Chesham’s lost Isolation Hospital

Chesham used to have its own isolation hospital for use to prevent epidemics. This is the story…

Postcard of Cottage Hospital

Health in Chesham

In 1866 the fear of a possible cholera epidemic led Lord Chesham, Rev Aylward the vicar and Dr Faithorn to outline plans for a hospital. The original purpose was to isolate contagious diseases.

Chesham Cottage Hospital

Chesham Cottage Hospital opened in October 1869.  However the newspaper report in the Bucks Herald on 6th November 1869 stated that the “hospital is not intended for the reception of patients with contagious or infectious diseases; it is contemplated to build a contagious and infectious department on some other spot quite detached.” 

Not long after it was built the hospital struggled during the typhoid epidemic of autumn 1871.

The Iron Hospital

The need for the planned isolation unit was now urgent.  In order to get one quickly a prefabricated iron hospital was bought on 11th August 1871 from C. Kent of Euston Road, London, who advertised as a “Builder of Iron Churches, Schools and Hospitals”.

Advertisement relating to building hospitals

There being no station in Chesham yet, it was delivered by train as a kit to Berkhampstead Station on the 13th October.  Local farmers arranged for it to be collected by waggon and horses. 

Five men built it on a brick foundation, 60 yards behind the newly built Cottage Hospital.  It was just over 50 foot long and 28 foot wide.  It included a single ward, a nurses’ room and three toilets.  A kitchen was located in a separate building linked by a covered walkway.  It was accessed by a long path below the Cottage Hospital.  The hospital was finished on Friday 25th October.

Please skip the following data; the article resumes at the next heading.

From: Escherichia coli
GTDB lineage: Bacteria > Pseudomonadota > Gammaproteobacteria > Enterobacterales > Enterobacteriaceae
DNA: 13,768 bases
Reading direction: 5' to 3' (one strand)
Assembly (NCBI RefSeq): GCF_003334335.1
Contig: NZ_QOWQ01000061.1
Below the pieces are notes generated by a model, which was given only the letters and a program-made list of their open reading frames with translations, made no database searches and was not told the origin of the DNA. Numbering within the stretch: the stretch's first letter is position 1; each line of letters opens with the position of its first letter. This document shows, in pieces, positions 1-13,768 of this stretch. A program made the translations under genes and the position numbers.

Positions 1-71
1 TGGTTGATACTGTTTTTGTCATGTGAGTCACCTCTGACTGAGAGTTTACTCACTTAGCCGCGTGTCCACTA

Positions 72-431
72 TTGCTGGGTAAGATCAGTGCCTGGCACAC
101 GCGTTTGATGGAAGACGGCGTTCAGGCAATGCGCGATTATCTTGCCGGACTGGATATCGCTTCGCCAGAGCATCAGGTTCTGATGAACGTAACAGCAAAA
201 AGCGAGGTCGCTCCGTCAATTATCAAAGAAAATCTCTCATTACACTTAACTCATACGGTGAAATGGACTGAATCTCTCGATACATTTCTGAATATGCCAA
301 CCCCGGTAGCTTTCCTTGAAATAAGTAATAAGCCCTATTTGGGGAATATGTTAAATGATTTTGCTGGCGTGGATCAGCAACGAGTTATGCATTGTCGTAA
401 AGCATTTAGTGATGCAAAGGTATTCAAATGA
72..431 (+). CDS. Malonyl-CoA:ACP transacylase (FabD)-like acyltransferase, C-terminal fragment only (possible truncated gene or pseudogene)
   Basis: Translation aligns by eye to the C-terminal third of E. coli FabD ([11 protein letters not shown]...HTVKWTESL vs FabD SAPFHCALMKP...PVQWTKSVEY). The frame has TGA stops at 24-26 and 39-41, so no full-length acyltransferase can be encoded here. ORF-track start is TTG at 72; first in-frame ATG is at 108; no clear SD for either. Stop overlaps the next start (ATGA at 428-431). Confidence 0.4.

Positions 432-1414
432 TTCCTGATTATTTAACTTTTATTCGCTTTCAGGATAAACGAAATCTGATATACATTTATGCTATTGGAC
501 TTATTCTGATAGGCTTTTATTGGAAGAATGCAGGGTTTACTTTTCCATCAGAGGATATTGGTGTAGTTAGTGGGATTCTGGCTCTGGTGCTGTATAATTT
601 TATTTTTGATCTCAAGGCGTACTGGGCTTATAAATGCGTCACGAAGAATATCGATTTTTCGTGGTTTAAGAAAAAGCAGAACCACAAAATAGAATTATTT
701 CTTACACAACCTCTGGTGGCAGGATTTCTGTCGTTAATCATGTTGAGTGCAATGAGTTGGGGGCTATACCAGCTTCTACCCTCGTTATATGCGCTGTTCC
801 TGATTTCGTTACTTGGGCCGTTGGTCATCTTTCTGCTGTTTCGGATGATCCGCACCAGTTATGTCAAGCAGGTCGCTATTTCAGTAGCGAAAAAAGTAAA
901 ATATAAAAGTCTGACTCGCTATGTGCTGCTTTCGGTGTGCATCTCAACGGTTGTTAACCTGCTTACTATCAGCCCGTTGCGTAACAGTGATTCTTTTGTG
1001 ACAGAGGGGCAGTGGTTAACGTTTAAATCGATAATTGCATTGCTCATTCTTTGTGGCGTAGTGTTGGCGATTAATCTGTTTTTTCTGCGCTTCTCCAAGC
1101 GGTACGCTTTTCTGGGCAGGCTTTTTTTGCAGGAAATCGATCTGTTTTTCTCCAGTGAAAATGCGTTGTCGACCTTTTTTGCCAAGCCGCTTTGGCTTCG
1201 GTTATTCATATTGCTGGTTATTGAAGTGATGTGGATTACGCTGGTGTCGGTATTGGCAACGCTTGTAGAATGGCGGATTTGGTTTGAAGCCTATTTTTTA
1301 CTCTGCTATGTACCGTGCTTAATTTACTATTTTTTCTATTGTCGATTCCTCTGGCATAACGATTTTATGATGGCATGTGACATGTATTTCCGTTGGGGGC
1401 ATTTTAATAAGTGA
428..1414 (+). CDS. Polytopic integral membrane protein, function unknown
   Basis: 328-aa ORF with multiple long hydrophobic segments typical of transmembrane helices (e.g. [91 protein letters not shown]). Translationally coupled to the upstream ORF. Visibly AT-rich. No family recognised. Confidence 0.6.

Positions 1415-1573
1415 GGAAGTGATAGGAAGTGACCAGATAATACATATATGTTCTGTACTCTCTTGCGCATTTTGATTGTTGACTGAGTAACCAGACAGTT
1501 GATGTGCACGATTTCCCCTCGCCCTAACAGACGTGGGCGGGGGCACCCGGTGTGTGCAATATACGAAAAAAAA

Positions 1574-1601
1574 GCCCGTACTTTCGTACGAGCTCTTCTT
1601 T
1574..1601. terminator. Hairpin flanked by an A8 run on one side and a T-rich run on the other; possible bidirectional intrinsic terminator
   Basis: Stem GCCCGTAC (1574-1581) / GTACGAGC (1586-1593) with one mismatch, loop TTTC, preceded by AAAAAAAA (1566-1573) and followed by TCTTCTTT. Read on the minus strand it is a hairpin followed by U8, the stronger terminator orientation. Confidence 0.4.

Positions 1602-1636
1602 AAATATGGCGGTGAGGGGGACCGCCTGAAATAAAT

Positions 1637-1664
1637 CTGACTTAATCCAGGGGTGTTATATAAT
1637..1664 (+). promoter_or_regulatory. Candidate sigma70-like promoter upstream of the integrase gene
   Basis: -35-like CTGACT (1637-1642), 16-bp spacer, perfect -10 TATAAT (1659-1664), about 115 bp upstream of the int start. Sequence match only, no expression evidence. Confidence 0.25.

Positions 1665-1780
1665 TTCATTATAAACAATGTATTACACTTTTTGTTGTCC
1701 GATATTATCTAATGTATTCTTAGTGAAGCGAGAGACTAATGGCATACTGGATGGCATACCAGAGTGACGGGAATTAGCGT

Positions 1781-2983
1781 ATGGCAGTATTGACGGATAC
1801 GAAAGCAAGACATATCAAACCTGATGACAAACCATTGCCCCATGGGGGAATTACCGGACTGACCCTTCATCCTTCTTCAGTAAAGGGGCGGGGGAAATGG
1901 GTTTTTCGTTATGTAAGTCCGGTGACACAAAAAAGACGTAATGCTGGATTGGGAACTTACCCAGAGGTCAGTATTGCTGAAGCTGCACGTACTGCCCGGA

Twenty iron bedsteads, mattresses, plus bedding and quilts were then delivered and put in.  It was officially opened on 28th October 1871. It became known as the “Iron Hospital”.  Its immediate purpose was as an isolation hospital for the typhoid epidemic.  Its first nurses were from an Anglican Order from All Saints Church, Margaret Street in London. 

Later use

After the emergency of the typhoid epidemic the Iron Hospital closed in January 1872.  It was used occasionally thereafter for smaller typhoid outbreaks in 1874 and 1878, and for scarlet fever in 1880 and 1886. 

Isolation House in the Vale

In 1891 Dr John Foot Churchill, who had survived the typhoid epidemic, said that they needed a new isolation hospital or a four-roomed cottage out of town. His preference was for a brick building rather than an iron building, because it got very cold in the winter. In 1892 the Iron Hospital was sold for £35 17s, on the condition that it was relocated.  

In 1896 a spate of scarlet fever cases encouraged Chesham Urban District Council General Purposes Committee to rent a house on a farm in the Vale.  It was furnished as an infectious diseases hospital. 

In January 1897 books were donated for patients to read.  By May 1897 all the scarlet fever patients had recovered.  At the end of 1898 it ceased to be used.

The new Isolation Hospital in the Vale

In February 1900 Chesham Council bought some pasture land in the Vale from Mr Freeman as “in the bottom meadow… with a frontage of 188 feet 7 inches.” The old Iron Hospital was re-erected there and become known as the “Isolation Hospital”. The water supply came from a pipe in the ground and it used oil lamps for lighting right up until the end of the war. A separate building was put up at the back as an ambulance station, for a horse-drawn ambulance to bring patients.